Elements Affecting Corporate Strategy
Corporate marketing strategies should be derived from the analysis of three elements:
- environmental problems and opportunities,
- corporate objectives, and
- resources and competencies.
A corporate strategy should be consistent with a company’s objectives and achievable with existing (or anticipated) resources. It also needs to take into account prospective problems and opportunities in the working environment of the organisation.
Environmental Problems and Opportunities
All organisations operate in dynamic environments which can create a variety of problems or opportunities in the firm’s existing or potential markets. Specifically, managers should be aware of the possible impact of six major environmental forces.
Six major environmental forces
1. Demographic characteristics, such as the age distribution of the population, birth rates, population growth, regional population shifts, and the percentage of two-worker households.
2. Social and cultural values, such as attitudes toward health and nutrition, the need for self-expression, materialism, ecological concerns, product safety.
3. Economic factors, including inflation and unemployment rates, economic growth, raw material scarcities, energy costs, interest rates, import duties, and excise taxes.
4. Technology, particularly developing and anticipated changes that have an impact on the kinds of products available in a market and the kinds of processes (such as automation for the use of synthetic materials) used to produce these products.
5. Legal and regulatory actions, including such factors as regulations, (and deregulation) regarding the type of advertising available to a product, product labelling and testing requirements, limitations regarding product contents, pollution control, restrictions or incentives with respect to imports or exports.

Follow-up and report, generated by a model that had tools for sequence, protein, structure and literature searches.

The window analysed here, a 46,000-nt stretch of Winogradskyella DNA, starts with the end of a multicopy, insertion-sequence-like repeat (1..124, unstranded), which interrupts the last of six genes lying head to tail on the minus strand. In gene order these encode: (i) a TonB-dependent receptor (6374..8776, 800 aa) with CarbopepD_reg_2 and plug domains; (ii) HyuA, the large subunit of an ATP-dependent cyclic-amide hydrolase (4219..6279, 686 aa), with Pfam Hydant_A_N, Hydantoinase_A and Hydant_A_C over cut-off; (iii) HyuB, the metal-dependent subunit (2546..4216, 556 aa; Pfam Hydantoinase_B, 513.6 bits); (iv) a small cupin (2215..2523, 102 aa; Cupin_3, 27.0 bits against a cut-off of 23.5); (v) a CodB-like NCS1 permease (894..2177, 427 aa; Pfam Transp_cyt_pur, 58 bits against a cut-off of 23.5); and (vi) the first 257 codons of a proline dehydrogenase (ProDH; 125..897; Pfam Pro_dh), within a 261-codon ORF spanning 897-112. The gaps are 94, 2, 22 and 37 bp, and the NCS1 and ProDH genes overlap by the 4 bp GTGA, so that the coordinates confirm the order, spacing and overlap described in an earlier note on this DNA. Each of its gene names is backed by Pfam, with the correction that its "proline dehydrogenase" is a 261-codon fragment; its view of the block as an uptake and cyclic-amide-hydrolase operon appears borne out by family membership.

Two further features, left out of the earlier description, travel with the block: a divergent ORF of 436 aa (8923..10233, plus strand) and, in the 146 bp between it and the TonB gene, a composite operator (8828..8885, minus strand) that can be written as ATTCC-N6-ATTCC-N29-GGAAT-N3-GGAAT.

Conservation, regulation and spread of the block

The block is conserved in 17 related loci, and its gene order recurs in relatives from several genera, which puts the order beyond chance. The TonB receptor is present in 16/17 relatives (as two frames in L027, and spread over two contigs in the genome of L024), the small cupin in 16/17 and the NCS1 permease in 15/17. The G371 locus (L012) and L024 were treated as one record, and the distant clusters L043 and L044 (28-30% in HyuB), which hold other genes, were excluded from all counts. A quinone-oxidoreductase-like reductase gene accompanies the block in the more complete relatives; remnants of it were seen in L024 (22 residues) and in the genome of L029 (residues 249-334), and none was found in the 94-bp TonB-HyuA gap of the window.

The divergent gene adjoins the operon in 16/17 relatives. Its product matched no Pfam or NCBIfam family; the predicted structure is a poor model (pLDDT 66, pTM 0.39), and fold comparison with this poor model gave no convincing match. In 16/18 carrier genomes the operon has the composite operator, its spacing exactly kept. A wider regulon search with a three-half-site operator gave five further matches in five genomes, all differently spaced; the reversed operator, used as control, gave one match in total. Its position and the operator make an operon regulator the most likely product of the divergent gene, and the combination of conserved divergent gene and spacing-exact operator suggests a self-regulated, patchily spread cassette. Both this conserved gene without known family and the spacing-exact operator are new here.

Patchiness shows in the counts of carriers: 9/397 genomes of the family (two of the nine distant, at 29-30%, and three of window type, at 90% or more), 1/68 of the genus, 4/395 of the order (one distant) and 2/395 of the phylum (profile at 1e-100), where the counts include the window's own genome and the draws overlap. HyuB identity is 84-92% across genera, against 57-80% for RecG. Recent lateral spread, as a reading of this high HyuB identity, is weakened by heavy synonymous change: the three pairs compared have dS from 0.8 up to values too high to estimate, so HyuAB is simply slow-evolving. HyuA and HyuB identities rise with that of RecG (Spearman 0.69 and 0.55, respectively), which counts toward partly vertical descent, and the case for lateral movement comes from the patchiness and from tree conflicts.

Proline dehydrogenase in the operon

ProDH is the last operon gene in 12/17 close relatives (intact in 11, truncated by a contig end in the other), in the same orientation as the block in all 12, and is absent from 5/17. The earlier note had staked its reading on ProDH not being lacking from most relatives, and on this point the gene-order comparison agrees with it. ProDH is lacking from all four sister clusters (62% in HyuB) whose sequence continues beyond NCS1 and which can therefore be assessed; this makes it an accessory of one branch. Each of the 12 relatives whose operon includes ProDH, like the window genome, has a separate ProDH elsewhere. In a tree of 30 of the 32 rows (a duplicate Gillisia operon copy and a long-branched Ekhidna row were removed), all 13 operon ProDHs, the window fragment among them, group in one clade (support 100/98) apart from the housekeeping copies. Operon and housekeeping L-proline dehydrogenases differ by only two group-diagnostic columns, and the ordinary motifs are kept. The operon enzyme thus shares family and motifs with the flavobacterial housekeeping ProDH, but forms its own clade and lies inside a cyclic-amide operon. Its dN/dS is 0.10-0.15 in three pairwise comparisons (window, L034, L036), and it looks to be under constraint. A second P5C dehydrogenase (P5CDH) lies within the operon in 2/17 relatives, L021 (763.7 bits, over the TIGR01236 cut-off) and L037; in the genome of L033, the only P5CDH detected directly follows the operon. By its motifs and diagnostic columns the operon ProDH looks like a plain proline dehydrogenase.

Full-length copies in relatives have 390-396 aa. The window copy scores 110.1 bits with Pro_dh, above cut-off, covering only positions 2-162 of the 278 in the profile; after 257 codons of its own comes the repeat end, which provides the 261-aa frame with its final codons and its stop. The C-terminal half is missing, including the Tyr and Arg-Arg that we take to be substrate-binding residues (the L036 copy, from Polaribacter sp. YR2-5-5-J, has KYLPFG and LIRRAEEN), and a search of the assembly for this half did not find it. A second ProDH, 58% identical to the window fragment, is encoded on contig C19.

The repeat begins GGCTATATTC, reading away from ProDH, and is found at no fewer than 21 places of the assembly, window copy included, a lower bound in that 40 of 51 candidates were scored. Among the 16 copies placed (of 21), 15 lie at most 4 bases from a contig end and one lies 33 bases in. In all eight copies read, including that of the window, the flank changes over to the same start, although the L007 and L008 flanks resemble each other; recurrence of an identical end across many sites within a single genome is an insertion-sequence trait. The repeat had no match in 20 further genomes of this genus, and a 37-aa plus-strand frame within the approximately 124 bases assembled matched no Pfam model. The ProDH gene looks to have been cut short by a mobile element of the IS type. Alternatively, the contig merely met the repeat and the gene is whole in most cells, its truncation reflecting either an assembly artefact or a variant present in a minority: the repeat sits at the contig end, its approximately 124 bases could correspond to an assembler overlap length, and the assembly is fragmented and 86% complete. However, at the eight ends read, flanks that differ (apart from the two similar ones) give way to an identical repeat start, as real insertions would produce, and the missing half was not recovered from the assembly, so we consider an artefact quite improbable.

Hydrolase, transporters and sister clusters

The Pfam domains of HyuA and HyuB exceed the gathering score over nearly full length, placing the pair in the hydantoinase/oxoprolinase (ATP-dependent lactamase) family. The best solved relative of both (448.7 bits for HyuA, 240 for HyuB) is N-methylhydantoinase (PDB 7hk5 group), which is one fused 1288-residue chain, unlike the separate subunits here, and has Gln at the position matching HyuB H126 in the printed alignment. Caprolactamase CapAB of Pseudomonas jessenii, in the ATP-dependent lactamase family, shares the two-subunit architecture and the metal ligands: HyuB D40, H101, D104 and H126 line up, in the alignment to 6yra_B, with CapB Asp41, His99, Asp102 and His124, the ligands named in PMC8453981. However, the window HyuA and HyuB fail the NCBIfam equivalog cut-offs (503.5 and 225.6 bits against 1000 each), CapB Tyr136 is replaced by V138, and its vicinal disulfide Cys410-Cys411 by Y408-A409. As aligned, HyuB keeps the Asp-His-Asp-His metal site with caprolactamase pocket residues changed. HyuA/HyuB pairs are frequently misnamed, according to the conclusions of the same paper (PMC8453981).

6. Competition, which to a large extent is a function of the other environmental forces. Specifically, both the identity of competitors and the type or focus (for example, price-oriented versus technology-oriented) of competition may change because of:
- The entry of new firms (especially foreign firms)
- The acquisition of a small competitor by a large, well-financed organisation
- Deregulation, changing economic conditions, or new production processes which foster increased price competition.
- Changing social and cultural values or new technology which causes buyers to purchase products or services which previously were considered non competitive.
Analysing the Organisation’s Internal Environment
In developing a corporate strategy, management should also analyse the resources that will be available to the organisation. In the broadest sense, resources include
- Financial resources, such as cash reserves
- Labour and managerial skills, such as the ability to produce high- technology products or to manage promotional budgets
- Production capacity and the efficiency of equipment
- Research and development skills, and patents
- Control over key raw materials, as in the ownership of energy resources
- Size and expertise of the sales force or distribution system
Too often firms limit their evaluation of resources to the more tangible ones, such as cash and facilities. Yet management and marketing capabilities are often more important.
The idea of relying on a firm’s strongest resources is generally referred to as using a distinctive competency, and in selecting from potential corporate strategies, a firm should usually rely on its distinctive competencies or on competencies that it can acquire.
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